On the third day of his state visit, the King laid a wreath at the ruins of St Nikolai church as a symbol of reconciliation.
The church was preserved as a memorial to the heavy air raids carried out by US and British air forces 80 years ago.
On Thursday, the King also made a speech about healing wartime divisions.
During the service on Friday, a choir sang and there were readings in the remains of the 19th Century church.
That included a reference to "remembering those who perished in the Allied bombing of Hamburg in 1943".
A display at the site recalls that 34,000 people died in a series of air raids in the intense bombing and firestorms that followed in the city in July 1943.
There was also a description of prisoners from a Nazi concentration camp who were forced to carry out the salvage and clearing operation after the raids.
King Charles laid a black and red wreath with the inscription "In everlasting remembrance" and the Queen Consort Camilla laid a white rose on the steps beside it.
They were accompanied by German President Frank-Walter Steinmeier, on a state visit that has sought to acknowledge the past but commit to a stronger future partnership.
The roofless church is now only a skeleton of its former self, but it had been designed by the English architect, George Gilbert Scott.
The same architect had designed the Albert Memorial in London, built in honour of the King's German ancestor Prince Albert.
But the high Gothic steeple of the church had been used as a navigation aid for bomber pilots and much of the church was destroyed.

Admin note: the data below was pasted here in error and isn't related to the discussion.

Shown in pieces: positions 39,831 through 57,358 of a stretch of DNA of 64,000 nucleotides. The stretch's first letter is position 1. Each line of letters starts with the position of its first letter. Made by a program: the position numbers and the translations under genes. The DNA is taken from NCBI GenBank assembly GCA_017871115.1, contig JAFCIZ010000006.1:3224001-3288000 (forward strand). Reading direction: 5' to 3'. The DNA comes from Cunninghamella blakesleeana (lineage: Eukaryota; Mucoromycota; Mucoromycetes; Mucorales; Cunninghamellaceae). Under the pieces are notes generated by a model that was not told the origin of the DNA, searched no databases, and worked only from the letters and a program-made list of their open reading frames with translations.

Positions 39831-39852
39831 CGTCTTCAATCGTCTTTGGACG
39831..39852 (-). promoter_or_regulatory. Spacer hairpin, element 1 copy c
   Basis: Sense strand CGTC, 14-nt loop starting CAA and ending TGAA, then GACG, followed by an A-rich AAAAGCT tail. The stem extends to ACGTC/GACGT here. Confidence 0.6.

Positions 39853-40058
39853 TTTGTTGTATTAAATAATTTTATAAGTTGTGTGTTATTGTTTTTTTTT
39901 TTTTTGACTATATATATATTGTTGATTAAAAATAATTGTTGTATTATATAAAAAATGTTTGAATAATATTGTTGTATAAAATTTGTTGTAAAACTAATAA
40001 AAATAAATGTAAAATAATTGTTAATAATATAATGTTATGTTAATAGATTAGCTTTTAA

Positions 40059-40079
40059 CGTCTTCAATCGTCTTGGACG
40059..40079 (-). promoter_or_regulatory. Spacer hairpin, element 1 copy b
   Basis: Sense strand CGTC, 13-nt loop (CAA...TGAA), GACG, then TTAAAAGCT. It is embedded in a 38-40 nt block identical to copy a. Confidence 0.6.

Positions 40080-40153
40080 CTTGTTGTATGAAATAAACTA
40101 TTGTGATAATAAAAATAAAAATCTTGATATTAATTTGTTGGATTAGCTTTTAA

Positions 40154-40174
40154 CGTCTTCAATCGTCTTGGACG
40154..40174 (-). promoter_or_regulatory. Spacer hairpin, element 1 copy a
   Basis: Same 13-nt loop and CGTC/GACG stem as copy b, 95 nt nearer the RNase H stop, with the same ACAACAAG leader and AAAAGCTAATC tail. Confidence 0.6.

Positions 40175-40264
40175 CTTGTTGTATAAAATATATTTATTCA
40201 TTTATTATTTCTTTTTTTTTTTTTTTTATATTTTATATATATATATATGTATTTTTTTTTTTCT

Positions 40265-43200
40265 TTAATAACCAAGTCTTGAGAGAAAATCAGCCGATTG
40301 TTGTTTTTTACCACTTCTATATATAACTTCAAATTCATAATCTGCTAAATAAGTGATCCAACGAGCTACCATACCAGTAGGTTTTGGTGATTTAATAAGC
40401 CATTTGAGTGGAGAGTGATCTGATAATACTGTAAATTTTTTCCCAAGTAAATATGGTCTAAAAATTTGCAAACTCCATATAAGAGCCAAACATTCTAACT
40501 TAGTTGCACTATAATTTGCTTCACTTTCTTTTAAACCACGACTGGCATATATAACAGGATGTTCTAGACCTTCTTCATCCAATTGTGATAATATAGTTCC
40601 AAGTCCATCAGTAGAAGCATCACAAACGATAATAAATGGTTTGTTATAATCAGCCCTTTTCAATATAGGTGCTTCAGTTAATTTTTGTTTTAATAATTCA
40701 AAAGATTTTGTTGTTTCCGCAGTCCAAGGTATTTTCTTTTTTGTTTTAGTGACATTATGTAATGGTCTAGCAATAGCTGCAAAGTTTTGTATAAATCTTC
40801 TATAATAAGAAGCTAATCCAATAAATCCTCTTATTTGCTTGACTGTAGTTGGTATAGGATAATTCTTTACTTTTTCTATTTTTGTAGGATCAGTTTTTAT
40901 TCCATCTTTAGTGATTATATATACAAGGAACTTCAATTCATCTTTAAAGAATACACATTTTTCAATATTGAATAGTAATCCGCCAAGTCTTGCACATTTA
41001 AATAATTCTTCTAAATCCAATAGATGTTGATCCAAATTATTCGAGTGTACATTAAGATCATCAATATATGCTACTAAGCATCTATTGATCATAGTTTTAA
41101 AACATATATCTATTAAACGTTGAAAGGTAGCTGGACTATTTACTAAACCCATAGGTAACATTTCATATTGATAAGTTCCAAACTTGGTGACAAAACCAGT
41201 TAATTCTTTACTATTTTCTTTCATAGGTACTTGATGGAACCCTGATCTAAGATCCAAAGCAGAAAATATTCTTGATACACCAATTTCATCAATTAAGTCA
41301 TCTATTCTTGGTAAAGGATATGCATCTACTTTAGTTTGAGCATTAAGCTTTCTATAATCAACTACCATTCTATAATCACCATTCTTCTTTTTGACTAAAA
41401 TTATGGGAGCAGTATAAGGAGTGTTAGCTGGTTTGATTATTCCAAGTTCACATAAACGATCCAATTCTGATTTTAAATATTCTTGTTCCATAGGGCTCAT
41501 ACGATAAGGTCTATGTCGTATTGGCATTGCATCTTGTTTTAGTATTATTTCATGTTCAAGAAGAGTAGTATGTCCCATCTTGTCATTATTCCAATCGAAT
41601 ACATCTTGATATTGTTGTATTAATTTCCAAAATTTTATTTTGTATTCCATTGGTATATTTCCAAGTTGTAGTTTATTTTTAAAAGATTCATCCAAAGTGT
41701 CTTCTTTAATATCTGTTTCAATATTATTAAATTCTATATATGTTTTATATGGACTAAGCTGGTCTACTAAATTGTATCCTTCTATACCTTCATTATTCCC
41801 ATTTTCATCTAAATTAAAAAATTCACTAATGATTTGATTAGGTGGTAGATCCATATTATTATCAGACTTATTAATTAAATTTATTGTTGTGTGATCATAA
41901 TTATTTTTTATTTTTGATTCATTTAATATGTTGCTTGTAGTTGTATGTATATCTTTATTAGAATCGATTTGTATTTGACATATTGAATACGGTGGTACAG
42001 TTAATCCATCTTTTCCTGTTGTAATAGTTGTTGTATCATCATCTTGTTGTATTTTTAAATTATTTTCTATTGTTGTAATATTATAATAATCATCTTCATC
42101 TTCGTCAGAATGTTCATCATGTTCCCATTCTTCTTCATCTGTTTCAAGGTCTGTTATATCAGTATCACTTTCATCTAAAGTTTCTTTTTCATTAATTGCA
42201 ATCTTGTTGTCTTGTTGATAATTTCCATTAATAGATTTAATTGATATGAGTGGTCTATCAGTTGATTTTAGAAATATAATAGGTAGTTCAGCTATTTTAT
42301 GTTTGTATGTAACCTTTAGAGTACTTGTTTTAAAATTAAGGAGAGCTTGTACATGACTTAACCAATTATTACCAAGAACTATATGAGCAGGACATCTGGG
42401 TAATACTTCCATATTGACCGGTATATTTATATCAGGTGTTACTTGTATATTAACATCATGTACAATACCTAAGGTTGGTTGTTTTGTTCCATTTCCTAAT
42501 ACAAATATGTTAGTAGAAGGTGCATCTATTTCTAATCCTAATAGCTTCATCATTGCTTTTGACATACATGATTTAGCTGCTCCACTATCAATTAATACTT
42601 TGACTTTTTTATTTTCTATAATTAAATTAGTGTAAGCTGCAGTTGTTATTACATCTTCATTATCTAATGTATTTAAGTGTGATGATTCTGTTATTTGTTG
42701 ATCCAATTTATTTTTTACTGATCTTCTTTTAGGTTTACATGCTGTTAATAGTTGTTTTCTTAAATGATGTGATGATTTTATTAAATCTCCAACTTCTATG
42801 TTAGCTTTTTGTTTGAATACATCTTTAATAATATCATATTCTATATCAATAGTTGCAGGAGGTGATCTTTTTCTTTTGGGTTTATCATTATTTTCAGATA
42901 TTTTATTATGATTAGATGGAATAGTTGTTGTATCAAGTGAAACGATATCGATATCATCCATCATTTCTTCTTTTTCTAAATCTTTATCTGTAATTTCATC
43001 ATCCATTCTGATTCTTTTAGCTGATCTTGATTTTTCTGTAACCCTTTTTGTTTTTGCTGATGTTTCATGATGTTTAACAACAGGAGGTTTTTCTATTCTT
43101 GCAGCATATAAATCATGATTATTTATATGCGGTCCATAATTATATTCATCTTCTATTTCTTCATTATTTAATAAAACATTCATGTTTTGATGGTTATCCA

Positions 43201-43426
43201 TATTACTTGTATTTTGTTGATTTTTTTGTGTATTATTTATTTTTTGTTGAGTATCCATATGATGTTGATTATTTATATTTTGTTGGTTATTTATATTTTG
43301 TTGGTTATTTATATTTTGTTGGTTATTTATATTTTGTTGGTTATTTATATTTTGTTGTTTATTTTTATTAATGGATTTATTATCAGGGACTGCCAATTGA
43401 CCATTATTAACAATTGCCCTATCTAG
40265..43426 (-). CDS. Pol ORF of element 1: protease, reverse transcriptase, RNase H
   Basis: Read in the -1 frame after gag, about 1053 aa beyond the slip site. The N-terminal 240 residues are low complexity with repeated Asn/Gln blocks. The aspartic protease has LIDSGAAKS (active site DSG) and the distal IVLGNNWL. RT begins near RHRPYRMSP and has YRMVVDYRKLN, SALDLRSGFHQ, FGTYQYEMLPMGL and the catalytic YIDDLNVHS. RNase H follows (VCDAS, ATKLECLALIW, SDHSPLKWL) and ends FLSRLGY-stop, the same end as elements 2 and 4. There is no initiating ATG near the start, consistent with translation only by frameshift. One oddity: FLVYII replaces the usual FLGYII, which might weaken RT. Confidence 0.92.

Readings at St Nikolai spoke of setting grievances aside and avoiding the "hatred that divides nations from nations".
As with other parts of the state visit, there was tight security, with a police helicopter flying overhead as the choir sang.
The royal couple had travelled by train from Berlin to Hamburg, Germany's second-largest city - and on their arrival visited a memorial to the Kindertransport, in which thousands of Jewish children were rescued from the Nazis and brought as refugees to Britain.
There was also a visit to Hamburg's city hall and an event at which the King heard about efforts to develop green technologies.
This was the final day of a three-day state visit to Germany, the first of the reign of King Charles.
In speeches and events he delivered a message of needing to strengthen relations between Britain and Germany, against shared challenges such as the war in Ukraine and tackling climate change.